Interests make you interesting

My friend's husband owns a bar.   Last month, I had a fascinating conversation with him about how he runs it. 

This guy was raised in Ireland and has a vision for how an Irish pub should be run.  He knows exactly what kind of feel the bar should have.  He knows how to adjust the volumes of the orders he places to stock the bar based on the seasons and how much business he can expect to see.  He knows what type of customer they want to serve and how to make those patrons happy.  And most importantly, he knows how he wants the Guinness poured.  

As he explained it to me, any legitimate Irish bartender knows that Guinness needs to be poured a certain way.  The glass needs to be held a particular angle.  The pour should be stopped halfway through and restarted again to help create the perfect head on top of the beer.  When a customer complains that he wants his beer faster, he'll remind the customer that he ordered a Guinness, not a Bud Light.  And nothing drives him crazier than seeing one of his bartenders rush a pour.  As he put it,

"If you're going to pour it, pour it right."

This isn't a guy who takes over a conversation by talking only about himself.  He only kept sharing more because I kept asking him questions about it. I was totally fascinated by it. 

I don't own a bar.  I have no interest in owning a bar.  And I don't even enjoy Guinness.  But the fact that he feels so passionately about what he does makes for great conversation.  It's interesting to learn about something from a person who knows so much more about it than I do.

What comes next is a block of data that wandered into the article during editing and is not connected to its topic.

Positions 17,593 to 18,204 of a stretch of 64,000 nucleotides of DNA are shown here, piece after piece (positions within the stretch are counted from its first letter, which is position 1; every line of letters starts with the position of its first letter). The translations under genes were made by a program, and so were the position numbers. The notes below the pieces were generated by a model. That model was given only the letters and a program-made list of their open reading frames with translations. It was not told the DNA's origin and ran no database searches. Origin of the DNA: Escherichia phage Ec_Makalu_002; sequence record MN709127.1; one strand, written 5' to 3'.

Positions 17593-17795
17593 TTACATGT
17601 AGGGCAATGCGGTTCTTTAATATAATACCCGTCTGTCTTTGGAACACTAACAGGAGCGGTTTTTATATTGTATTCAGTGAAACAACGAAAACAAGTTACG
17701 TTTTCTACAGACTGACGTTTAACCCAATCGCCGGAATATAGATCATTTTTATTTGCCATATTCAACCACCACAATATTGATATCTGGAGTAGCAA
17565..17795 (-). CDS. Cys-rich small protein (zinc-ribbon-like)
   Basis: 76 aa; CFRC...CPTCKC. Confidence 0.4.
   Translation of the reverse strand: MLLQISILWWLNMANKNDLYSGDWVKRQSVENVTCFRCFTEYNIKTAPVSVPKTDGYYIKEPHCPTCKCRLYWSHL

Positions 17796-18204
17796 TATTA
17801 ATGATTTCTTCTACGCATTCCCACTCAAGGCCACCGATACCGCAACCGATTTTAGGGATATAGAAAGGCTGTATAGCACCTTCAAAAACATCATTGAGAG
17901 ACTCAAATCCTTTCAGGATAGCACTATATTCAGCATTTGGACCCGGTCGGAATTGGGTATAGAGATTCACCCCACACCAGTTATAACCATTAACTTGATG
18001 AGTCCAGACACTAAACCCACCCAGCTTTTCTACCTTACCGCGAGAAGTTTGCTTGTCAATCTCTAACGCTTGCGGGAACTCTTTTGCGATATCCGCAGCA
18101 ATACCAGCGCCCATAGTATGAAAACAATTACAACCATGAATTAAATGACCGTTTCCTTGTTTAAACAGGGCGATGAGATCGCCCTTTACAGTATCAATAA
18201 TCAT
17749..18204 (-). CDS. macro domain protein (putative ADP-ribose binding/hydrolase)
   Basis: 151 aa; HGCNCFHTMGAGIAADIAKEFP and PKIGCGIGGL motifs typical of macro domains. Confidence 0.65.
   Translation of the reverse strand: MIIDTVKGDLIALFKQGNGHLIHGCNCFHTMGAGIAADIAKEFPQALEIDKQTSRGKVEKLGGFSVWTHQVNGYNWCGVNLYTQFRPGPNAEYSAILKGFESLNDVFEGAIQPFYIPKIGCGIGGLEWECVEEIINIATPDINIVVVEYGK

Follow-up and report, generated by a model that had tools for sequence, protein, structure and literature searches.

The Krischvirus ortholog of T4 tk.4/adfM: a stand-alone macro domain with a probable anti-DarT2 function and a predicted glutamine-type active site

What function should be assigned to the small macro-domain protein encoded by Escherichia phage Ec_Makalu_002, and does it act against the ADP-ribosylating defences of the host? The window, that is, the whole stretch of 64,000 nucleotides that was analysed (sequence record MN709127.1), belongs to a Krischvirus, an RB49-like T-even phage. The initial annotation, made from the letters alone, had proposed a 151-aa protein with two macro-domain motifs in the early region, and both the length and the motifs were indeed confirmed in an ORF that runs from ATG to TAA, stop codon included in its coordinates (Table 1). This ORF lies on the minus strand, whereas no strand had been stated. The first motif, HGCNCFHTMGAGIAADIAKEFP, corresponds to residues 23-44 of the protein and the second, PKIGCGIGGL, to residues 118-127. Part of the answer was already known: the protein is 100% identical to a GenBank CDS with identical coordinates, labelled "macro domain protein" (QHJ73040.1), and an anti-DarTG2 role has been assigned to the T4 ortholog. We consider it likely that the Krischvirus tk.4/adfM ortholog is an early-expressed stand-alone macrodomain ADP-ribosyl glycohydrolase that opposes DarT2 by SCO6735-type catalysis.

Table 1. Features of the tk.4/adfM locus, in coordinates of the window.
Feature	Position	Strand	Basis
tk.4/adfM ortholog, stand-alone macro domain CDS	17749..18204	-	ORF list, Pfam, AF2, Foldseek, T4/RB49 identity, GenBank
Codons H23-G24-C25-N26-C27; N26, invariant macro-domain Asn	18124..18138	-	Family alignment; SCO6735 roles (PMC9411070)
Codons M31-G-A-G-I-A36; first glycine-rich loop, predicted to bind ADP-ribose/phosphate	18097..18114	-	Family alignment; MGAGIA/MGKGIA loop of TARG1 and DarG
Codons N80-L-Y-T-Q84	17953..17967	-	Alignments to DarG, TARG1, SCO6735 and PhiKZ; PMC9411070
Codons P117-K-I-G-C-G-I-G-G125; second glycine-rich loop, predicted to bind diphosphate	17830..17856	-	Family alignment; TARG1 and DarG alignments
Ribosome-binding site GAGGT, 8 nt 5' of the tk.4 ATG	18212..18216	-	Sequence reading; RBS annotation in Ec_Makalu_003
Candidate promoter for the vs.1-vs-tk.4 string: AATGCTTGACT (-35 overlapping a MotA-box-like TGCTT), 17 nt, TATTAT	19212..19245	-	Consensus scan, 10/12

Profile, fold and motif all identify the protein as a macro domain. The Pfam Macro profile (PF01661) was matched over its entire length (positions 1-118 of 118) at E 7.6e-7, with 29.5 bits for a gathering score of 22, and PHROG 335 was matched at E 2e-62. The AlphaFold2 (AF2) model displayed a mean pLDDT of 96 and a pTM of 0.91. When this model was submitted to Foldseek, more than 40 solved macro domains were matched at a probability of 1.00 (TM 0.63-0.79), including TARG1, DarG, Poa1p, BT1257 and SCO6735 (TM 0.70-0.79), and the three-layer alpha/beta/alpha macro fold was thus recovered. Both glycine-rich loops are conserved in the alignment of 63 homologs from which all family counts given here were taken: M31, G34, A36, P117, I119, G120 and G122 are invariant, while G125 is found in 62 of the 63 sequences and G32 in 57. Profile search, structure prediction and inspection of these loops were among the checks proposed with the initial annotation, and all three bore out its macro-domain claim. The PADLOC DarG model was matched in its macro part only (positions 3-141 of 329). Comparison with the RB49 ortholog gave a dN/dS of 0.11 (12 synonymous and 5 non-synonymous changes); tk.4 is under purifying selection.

That's what you want to do in your college applications. 

If you're a basketball player, there's a good chance the person reading your application wasn't.  If you're a guitarist, an artist, a stamp collector, an EMT, a dancer or a Civil War buff, chances are that your reader won't know as much about it as you do.  

So don't hide how much you know or how passionate you are about the things you do.  Show the colleges that you care about your interests like this guy cares about his Guinness.  Your interests make you interesting.  They make the colleges want to meet you so they can know more.  And when a college wants to meet you, that gets you a lot closer to being admitted.